Los Angeles Historic-Cultural Monuments are sites in Los Angeles, which have been designated by the Los Angeles Cultural Heritage Commission as worthy of preservation based on architectural and cultural criteria. The Historic-Cultural Monument process has its origin in the Historic Buildings Committee formed in 1958 by the Los Angeles chapter of the American Institute of Architects; as growth and development in Los Angeles threatened the city's historic landmarks, the committee sought to implement a formal preservation program in cooperation with local civic and business organizations and municipal leaders. On April 30, 1962, a historic preservation ordinance proposed by the AIA committee was passed; the original Cultural Heritage Board was formed in the summer of 1962, consisting of William Woollett, FAIA, Bonnie H. Riedel, Carl S. Dentzel, Senaida Sullivan and Edith Gibbs Vaughan; the board met for the first time in August 1962, at a time when the owner of the historic Leonis Adobe was attempting to demolish the structure and replace it with a supermarket.
In its first day of official business, the board designated the Leonis Adobe and four other sites as Historic-Cultural Monuments. The designation of a property as a Historic-Cultural Monument does not prevent demolition or alteration. However, the designation requires permits for demolition or substantial alteration to be presented to the commission; the commission has the power to delay the demolition of a designated property for up to one year. In the commission's first decade of operation, it designated 101 properties as Historic-Cultural Monuments. By March 2010, there were 979 designated properties. Leonis Adobe Bolton Hall 1913 Eastern Columbia Building Griffith Park CBS Columbia Square Studios Historic-Cultural Monuments in Downtown Los Angeles Historic-Cultural Monuments on the East and Northeast Sides Historic-Cultural Monuments in the Harbor area Historic-Cultural Monuments in Hollywood Historic-Cultural Monuments in the San Fernando Valley Historic-Cultural Monuments in Silver Lake, Angelino Heights, Echo Park Historic-Cultural Monuments in South Los Angeles Historic-Cultural Monuments on the Westside Historic-Cultural Monuments in the Wilshire and Westlake areas City of Los Angeles' Historic Preservation Overlay Zones National Register of Historic Places listings in Los Angeles List of California Historical Landmarks Los Angeles Office of Historic Resources: Designated L.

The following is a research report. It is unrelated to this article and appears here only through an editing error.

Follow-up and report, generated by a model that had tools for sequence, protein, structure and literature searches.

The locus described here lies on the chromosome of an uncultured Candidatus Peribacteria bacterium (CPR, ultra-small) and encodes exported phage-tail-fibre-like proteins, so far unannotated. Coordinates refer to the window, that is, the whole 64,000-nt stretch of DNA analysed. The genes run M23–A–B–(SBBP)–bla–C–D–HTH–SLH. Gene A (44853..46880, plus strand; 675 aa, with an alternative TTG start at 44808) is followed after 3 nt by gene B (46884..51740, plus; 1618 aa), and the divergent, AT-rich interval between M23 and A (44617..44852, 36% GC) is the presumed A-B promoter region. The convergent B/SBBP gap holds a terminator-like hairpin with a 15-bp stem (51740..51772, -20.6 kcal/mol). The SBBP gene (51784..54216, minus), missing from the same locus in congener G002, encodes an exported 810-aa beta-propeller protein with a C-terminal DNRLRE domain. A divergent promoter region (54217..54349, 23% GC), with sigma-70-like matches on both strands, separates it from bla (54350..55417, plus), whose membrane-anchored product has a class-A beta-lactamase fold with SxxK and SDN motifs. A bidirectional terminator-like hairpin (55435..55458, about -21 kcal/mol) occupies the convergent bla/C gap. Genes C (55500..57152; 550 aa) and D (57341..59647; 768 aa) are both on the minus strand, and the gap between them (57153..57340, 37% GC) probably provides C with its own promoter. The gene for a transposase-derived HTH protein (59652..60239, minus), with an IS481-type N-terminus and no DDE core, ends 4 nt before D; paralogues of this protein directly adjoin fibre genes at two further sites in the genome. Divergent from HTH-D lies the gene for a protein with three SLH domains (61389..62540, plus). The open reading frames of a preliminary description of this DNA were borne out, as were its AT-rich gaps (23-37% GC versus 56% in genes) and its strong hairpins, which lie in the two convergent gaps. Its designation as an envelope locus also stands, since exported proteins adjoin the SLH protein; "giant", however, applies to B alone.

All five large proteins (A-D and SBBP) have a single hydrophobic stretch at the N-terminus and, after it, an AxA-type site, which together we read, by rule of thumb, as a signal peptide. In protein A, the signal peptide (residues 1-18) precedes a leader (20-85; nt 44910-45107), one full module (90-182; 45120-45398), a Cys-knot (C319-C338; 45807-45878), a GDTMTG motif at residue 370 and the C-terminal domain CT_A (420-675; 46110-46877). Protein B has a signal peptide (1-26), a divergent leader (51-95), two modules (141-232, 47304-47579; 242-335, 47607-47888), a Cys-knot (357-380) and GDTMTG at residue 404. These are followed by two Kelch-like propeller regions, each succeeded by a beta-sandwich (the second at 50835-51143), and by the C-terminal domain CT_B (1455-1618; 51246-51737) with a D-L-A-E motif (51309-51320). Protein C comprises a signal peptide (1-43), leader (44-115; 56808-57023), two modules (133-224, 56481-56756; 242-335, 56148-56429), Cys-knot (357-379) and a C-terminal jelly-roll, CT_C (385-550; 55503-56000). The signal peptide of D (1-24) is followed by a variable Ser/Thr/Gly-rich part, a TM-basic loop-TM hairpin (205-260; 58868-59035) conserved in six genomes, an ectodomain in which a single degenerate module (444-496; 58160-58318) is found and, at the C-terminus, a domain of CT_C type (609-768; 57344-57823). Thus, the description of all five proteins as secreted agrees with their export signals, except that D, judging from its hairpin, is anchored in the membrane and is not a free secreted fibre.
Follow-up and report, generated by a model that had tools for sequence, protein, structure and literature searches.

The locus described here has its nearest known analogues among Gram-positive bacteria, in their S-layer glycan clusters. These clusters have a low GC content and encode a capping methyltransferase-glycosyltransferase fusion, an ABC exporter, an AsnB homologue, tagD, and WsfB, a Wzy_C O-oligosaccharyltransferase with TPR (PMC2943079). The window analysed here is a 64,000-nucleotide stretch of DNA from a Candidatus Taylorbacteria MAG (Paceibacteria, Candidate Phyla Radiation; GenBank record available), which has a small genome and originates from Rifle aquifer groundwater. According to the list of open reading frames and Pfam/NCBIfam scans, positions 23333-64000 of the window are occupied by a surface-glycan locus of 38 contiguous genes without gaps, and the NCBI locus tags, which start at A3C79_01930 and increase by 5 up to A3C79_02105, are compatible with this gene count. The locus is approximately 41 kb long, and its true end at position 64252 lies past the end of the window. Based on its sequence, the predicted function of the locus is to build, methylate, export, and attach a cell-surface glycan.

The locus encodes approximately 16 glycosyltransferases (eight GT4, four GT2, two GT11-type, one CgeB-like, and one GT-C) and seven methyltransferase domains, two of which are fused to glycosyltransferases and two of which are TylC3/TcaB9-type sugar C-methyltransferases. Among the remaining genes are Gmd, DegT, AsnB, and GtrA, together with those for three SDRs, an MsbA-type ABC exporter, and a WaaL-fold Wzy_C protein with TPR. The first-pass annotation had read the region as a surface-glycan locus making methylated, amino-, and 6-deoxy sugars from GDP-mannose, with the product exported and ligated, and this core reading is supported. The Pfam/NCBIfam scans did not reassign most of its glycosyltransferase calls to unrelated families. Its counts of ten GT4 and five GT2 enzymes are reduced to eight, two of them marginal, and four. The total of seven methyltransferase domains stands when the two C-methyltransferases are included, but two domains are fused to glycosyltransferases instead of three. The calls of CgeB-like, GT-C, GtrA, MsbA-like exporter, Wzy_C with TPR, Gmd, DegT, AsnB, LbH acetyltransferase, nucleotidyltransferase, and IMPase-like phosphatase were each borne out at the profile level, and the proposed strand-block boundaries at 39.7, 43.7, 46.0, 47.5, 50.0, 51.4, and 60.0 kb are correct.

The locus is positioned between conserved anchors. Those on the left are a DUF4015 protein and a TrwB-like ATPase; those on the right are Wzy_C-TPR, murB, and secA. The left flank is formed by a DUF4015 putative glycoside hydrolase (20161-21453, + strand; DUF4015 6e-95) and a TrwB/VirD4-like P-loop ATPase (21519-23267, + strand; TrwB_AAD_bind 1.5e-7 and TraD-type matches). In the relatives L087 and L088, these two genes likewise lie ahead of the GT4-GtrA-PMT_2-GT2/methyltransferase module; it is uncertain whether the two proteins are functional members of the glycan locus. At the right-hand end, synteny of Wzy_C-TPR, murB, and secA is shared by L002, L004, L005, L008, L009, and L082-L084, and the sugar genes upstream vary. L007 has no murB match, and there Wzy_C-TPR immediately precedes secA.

A. Historic-Cultural Monuments website — with'ever-updated' LAHCM List via PDF link. Official Los Angeles Office of Historic Resources website — Homepage Los Angeles Cultural Heritage Commission website Designated LAHCM Landmarks by Neighborhood — L. A. Department of City Planning website Big Orange Landmarks: "Exploring the Landmarks of Los Angeles, One Monument at a Time" — online photos and in-depth history of Los Angeles Historic-Cultural Monuments — Website curator: Floyd B. Bariscale. Big Orange Landmarks: Floyd B. Bariscale's Flickr Photostream — Big Orange Flickr Gallery of L. A. H. C. Monuments
Olympic Boulevard (Los Angeles)